Leah Remini claims Scientology pushed her to convert Kevin James

Remini says that James' Catholicism would have doomed any effort to convert him

Published August 30, 2017 11:48AM (EDT)

Leah Remini and Kevin James in "Kevin Can Wait"   (CBS/Jeff Neumann)
Leah Remini and Kevin James in "Kevin Can Wait" (CBS/Jeff Neumann)

According to actress Leah Remini, who's made waves with her acclaimed TV series "Leah Remini: Scientology and the Aftermath," the the Church of Scientology pushed her to recruit her "King of Queens" co-star Kevin James.

In an interview with People Magazine, Remini claimed that the church "always tried to get me to, [asking] 'Why is he not in? Why have you not promoted it to him?'" Remini was a devout member of the Church and an advocate for its benefits and its beliefs for many years before leaving its community and turning against its leadership.

According to Remini, however James' Catholicism made conversion a non-starter in her eyes. "I was like, 'Because he’s Catholic. He doesn’t want anything to do with it,'" she said. "They let it go after a while, but usually you’d be expected to recruit, especially with somebody you work with for nine years."

Remini's claims underline and surface a particularly interesting line of thought she alleges the Church holds. She says that representatives of Scientology said to her, "'Yeah, but if you get [James] in, you've got to find out what's ruining his life.'" She claims that she responded, "'There's nothing ruining his life, he's happy. I know it's very hard for you to understand here, but he doesn't want anything to do with it.'"

Representatives for the Church have denied Remini's claims above.

Remini has also depicted James in glowing terms regarding her decision to leave the Church of Scientology, referring to him as one of many "real friends" who supported her during that tough time.

According to Remini, "He reached out to me and said, ‘I’m so proud of you; if you need anything, I’m here.'" The two will soon be starring together again in the comedy "Kevin Can Wait".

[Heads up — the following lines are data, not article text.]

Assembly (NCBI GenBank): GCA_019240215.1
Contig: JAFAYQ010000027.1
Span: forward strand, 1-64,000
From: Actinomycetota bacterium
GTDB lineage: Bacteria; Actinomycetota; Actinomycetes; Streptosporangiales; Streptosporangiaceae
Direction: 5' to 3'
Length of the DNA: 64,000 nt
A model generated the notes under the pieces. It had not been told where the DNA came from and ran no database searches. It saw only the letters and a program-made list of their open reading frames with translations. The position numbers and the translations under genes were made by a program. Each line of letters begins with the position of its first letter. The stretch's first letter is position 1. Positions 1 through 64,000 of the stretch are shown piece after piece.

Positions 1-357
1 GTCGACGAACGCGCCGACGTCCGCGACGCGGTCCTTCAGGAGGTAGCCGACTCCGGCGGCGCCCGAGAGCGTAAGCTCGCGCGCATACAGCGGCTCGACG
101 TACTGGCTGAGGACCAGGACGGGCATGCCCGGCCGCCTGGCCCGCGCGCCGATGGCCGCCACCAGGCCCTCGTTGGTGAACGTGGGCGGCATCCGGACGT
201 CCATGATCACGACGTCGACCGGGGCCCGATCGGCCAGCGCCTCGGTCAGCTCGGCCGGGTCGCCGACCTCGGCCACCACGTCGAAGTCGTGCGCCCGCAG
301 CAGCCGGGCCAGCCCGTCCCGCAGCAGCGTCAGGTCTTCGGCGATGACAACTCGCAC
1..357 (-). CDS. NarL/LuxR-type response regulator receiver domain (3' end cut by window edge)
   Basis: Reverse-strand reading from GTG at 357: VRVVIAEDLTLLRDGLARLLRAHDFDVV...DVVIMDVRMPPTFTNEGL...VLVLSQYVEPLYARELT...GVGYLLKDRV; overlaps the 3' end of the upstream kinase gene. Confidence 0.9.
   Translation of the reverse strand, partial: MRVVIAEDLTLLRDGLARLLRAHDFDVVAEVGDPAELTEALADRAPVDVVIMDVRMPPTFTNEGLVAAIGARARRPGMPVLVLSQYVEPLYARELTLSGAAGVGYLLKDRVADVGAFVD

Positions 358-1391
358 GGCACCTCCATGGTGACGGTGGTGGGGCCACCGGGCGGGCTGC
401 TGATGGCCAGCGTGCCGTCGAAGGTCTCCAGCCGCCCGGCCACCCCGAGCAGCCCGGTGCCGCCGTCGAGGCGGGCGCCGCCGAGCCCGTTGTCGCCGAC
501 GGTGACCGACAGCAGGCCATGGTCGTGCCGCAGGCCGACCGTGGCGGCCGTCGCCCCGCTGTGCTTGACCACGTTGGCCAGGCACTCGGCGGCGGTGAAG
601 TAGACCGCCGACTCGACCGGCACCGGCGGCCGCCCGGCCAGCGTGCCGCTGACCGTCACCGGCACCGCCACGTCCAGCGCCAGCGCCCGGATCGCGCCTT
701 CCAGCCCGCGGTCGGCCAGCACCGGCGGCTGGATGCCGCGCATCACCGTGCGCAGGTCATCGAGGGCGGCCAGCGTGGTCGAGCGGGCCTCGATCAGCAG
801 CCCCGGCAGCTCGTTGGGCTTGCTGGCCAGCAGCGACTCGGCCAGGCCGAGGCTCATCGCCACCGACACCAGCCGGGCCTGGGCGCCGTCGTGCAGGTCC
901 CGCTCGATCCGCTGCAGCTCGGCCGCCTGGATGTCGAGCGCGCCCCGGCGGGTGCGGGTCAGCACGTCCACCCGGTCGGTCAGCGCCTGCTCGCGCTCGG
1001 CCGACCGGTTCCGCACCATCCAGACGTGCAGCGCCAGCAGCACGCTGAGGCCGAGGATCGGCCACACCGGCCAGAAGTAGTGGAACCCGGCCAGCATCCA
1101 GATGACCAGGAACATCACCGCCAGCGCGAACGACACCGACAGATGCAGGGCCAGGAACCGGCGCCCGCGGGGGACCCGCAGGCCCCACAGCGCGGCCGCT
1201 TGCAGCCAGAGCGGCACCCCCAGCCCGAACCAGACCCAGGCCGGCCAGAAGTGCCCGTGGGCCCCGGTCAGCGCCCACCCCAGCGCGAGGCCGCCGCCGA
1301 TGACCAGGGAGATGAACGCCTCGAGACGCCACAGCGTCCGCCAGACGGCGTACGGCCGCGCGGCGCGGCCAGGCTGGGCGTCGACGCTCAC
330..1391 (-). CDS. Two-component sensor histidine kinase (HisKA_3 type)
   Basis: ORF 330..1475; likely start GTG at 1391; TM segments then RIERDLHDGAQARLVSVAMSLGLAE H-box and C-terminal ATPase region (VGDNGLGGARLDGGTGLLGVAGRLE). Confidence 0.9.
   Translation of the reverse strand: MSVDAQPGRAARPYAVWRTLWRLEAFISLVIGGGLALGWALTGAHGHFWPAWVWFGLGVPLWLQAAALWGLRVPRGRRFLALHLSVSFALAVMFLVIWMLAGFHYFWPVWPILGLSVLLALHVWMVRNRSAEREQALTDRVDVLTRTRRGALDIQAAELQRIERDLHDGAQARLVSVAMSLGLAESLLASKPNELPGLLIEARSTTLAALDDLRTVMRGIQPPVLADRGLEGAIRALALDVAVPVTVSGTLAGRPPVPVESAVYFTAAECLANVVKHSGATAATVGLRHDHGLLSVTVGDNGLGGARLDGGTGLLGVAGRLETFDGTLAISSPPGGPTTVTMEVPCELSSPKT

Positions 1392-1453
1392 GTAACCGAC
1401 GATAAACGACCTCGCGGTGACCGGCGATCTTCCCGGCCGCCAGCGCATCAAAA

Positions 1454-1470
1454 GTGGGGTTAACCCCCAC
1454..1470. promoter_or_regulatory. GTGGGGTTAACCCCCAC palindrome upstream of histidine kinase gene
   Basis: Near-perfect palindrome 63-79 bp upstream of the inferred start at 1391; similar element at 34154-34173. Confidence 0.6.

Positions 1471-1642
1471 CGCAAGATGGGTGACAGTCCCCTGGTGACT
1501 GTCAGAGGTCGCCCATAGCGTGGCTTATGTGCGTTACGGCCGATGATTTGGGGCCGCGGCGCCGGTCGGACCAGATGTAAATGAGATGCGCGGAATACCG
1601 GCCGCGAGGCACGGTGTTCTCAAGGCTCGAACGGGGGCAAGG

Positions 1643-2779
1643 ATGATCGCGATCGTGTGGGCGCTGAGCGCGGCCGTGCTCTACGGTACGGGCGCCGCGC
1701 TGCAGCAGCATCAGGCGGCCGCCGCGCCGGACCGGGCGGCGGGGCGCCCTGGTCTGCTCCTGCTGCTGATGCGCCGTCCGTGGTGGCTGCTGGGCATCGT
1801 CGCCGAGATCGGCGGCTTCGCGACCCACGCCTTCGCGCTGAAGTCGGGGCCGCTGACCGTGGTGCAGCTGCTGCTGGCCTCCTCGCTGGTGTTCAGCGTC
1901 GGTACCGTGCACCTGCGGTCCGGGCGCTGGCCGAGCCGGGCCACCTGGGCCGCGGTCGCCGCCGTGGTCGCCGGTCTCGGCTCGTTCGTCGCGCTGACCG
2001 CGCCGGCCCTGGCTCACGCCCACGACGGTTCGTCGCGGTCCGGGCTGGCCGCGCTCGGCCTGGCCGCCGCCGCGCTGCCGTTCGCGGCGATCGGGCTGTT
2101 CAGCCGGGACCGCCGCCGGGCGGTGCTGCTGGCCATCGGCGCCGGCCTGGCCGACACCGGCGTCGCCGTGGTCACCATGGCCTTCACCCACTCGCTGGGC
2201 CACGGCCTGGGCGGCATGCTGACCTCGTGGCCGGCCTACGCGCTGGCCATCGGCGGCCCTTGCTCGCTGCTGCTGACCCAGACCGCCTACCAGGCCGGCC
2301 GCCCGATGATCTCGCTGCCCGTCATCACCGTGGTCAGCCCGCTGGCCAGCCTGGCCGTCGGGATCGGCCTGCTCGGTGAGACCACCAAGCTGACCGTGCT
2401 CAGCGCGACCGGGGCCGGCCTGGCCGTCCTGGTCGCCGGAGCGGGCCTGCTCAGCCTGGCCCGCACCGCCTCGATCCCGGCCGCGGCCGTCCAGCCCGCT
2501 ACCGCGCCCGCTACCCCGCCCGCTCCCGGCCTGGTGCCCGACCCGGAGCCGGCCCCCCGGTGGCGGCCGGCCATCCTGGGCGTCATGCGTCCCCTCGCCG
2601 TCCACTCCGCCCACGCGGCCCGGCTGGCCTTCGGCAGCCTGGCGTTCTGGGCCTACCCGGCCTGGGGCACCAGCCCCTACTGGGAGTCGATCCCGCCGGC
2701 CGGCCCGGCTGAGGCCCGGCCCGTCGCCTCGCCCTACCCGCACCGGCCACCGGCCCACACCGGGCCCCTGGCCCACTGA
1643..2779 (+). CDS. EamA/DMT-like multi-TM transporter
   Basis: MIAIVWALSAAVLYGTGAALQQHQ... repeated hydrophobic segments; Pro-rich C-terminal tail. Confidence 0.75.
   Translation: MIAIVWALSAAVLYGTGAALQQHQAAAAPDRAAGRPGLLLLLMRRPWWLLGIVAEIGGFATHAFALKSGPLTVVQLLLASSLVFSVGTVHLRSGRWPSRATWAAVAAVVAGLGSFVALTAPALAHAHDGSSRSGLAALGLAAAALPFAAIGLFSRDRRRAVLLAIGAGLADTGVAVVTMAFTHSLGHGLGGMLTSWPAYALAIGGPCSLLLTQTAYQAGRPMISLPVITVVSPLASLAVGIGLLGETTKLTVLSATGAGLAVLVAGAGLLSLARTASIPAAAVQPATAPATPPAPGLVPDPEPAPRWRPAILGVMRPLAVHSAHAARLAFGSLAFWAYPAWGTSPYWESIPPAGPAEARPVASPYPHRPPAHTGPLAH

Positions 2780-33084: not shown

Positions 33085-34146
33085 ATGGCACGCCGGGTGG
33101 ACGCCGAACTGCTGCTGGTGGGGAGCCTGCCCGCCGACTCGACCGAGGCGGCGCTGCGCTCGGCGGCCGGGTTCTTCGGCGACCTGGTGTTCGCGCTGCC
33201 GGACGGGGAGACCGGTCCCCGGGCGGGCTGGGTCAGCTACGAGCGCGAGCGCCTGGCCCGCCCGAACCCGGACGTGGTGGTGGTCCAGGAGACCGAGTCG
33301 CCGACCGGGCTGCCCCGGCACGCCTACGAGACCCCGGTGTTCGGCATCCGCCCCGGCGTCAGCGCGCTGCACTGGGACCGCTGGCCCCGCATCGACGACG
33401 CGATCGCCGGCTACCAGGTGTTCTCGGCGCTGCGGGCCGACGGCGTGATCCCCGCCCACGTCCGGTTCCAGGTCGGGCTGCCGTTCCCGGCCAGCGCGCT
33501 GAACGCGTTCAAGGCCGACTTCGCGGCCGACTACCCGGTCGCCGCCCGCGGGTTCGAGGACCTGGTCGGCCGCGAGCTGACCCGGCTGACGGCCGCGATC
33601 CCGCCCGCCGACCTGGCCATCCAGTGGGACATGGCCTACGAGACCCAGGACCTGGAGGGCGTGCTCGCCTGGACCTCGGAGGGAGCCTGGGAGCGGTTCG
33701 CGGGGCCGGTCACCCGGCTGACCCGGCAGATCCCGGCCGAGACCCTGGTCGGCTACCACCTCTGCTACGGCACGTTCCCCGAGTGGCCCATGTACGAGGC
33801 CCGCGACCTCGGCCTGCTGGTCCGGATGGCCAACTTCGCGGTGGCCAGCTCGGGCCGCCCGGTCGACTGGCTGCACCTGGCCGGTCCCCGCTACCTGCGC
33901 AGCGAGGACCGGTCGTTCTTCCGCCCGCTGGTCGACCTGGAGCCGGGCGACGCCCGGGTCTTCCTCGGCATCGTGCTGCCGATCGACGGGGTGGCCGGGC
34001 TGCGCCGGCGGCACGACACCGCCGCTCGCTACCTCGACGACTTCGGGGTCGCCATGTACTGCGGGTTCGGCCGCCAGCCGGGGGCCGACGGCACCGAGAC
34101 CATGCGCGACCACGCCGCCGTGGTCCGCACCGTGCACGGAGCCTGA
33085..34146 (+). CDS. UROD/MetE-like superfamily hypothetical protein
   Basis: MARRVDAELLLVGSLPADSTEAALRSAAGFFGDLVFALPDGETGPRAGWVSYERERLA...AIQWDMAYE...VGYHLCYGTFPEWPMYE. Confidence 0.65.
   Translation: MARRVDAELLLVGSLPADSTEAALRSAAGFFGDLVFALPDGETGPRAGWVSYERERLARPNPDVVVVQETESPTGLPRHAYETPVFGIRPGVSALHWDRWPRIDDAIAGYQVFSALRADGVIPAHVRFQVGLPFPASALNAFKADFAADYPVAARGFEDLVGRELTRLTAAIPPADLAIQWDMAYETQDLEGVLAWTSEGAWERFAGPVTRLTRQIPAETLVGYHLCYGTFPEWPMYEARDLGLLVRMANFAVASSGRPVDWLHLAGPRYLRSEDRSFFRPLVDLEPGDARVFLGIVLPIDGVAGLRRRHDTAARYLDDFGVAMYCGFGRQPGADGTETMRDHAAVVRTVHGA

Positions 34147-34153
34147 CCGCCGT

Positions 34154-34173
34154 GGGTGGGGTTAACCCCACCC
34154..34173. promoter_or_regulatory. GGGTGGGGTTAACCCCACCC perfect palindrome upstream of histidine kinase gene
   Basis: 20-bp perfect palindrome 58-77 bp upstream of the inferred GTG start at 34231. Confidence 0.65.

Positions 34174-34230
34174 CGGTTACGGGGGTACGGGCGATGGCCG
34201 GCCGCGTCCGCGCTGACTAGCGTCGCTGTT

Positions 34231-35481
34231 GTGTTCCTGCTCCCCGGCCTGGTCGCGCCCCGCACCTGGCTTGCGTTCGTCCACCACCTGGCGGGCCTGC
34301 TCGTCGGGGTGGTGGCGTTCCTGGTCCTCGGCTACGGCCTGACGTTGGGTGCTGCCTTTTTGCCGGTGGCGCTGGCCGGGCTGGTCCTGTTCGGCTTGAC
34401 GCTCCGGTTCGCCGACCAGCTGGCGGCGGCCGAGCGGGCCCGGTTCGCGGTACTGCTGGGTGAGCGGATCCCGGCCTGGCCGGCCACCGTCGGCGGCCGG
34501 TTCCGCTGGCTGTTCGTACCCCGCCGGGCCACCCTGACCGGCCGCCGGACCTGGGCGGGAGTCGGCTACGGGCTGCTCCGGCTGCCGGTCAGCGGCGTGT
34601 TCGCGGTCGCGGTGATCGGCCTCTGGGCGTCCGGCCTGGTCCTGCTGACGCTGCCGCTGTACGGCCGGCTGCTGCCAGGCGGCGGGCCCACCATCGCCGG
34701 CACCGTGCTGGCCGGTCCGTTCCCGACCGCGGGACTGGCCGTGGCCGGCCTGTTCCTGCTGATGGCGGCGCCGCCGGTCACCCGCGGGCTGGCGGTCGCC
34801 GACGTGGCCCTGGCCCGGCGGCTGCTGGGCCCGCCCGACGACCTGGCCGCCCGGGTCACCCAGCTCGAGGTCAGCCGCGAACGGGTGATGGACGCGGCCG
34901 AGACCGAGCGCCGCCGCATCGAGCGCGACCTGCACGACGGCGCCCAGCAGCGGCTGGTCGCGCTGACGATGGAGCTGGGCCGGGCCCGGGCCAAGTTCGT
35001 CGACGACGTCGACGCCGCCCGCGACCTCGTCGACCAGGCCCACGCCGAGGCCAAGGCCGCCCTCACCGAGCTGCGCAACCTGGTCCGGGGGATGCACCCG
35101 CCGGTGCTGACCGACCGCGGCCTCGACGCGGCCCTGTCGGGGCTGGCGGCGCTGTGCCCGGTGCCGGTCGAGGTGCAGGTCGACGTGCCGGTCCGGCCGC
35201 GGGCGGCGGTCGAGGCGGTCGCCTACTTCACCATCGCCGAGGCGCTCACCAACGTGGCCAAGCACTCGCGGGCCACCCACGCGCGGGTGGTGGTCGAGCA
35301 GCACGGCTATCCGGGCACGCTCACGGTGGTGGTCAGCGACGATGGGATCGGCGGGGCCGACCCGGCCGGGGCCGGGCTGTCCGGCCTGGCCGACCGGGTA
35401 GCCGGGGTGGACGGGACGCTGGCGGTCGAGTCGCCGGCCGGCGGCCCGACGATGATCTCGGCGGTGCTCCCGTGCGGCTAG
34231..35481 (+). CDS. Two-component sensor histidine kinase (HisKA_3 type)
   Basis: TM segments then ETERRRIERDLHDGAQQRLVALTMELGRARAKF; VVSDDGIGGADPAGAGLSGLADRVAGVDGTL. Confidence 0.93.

Remini's "Scientology and the Aftermath" has made a number of shocking claims about Scientology. These include claiming that Scientology leader David Miscavige physically attacked fellow Church members, that the Church has a detention center called "The Hole" in which members are subjected to various forms of physical and psychological abuse, that every meeting is recorded so that potential defectors can be discredited, that the Church's message is homophobic and that cases of sexual abuse are dealt with inside the church because it is forbidden for one member to prosecute another. The Church denies all of these allegations.

Both Remini and other defectors from the Church claim that the organization also still practices its policy of "Fair Game," which states that it is morally acceptable for current members to destroy individuals who criticize their organization, another thing representatives deny.

By Matthew Rozsa

Matthew Rozsa is a professional writer whose work has appeared in multiple national media outlets since 2012 and exclusively at Salon since 2016. He specializes in covering science and history, and is particularly passionate about climate change, animal science, disability rights, plastic pollution and a wide range of political issues. He has interviewed many prominent figures (reflecting his diverse interests) including President Jimmy Carter (1977-1981), Israeli Prime Minister Ehud Barak (1999-2001), animal scientist and autism activist Temple Grandin, inventor Ernő Rubik, epidemiologist Monica Gandhi, theoretical cosmologist Janna Levin, mRNA vaccine pioneer Katalin Karikó, philosopher of science Vinciane Despret, actor George Takei ("Star Trek"), climatologist Michael E. Mann, Libertarian presidential candidate Gary Johnson (2012, 2016), actress Cady McClain ("All My Children"), Democratic vice presidential nominee Joe Lieberman (2000), Ambassador Michael McFaul (2012-2014), economist Richard Wolff, director Kevin Greutert ("Saw VI"), model Liskula Cohen, actor Rodger Bumpass ("SpongeBob Squarepants"), Senator John Hickenlooper (2021-present), American Public Health Association Executive Director Georges Benjamin (2002-present), comedian Bill Burr ("F Is for Family"), novelist James Patterson ("The President's Daughter"), comedian David Cross ("Scary Movie 2") and right-wing insurrectionist Roger Stone.

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